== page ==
HG - Sports Medicine - Secondary
How Do Sports Injuries Develop?
Traumatic injuries, such as fractures and dislocations, are often the result of accidents, including falls and direct blows to the body. Other sports injuries, particularly those that affect the muscles and tendons, can develop if you don’t warm up properly before sports and exercise.
Chronic injuries, such as repetitive stress injuries, can develop when a motion continually irritates tissue and the body doesn’t get a chance to recover. Injuries of this type can occur in athletes who play the same sport year-round, athletes like pitchers who perform one task multiple times and in employees who work in manufacturing facilities. Acute injuries that do not receive proper medical care can become chronic.
Other causes of sports injuries include not using protective gear or using it incorrectly, as well as poor conditioning, training and form.
Sports Injury Symptoms
Sports injury signs and symptoms vary depending on the type of injury and specific body part affected, but warning signs include:
- A limb that appears deformed or out of place (for a fracture)
- Difficulty moving a limb or putting weight on it
- Pain — Acute injuries tend to cause sharp or severe pain, while pain from chronic injuries can be dull and achy and develop with time.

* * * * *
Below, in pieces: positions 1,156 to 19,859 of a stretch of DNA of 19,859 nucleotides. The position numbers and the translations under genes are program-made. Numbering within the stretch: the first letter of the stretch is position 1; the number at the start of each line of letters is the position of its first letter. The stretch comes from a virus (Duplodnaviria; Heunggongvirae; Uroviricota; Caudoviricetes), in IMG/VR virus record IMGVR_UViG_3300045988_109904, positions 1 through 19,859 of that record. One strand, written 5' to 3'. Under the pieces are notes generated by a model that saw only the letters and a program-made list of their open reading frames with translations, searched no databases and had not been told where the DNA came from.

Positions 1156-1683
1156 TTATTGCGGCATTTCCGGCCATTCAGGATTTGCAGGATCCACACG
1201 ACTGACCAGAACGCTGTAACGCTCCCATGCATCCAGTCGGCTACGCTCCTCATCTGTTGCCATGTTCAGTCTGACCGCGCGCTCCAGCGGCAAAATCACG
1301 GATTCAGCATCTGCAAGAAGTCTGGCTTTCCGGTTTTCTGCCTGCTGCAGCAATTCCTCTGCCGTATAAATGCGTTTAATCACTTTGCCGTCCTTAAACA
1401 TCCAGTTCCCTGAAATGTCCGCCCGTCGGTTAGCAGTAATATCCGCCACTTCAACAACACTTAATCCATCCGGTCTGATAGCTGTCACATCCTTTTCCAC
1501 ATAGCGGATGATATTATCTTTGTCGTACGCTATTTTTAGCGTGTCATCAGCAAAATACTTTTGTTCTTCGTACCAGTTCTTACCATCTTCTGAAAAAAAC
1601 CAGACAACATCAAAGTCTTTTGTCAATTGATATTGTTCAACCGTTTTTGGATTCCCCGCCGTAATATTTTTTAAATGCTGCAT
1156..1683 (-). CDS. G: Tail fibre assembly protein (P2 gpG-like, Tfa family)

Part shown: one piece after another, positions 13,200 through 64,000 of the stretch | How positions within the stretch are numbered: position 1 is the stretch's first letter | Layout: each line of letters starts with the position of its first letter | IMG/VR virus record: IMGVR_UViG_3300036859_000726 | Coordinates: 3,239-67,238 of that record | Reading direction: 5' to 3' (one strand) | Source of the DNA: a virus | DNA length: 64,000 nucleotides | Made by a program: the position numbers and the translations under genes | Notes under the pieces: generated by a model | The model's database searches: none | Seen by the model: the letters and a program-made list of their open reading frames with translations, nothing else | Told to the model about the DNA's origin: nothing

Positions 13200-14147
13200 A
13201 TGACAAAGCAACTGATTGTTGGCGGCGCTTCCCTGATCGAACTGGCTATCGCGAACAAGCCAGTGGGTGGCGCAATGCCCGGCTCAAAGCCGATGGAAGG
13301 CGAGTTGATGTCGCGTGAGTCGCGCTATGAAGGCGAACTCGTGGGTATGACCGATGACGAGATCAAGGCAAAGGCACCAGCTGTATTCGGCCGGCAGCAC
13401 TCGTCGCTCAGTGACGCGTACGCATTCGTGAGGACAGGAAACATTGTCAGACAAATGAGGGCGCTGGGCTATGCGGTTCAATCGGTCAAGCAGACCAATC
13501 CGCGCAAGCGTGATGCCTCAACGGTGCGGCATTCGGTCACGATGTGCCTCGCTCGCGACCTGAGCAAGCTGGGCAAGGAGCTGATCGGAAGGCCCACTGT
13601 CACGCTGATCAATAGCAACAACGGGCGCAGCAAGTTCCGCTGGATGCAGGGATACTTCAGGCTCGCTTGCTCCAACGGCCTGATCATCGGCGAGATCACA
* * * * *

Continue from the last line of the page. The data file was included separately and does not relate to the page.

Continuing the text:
Sports Injury Treatment
If you experience a sports injury, it’s critical that you stop playing or exercising and get treatment. In many cases, that treatment can be as simple as the RICE method — rest, ice, compression and elevation — and over-the-counter anti-inflammatory medications.
If the injury is more severe, or if you experience numbness, deformity, the inability to bear weight or move the joint, or persistent aches and pains, get medical attention. Your doctor may need to immobilize the injury or may recommend physical therapy. Some sports injuries require surgery in order to repair the damage. Schedule an appointment with a sports medicine specialist today.
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American Academy of Orthopaedic Surgeons, American Orthopaedic Society for Sports Medicine, American Academy of Pediatrics, Medline Plus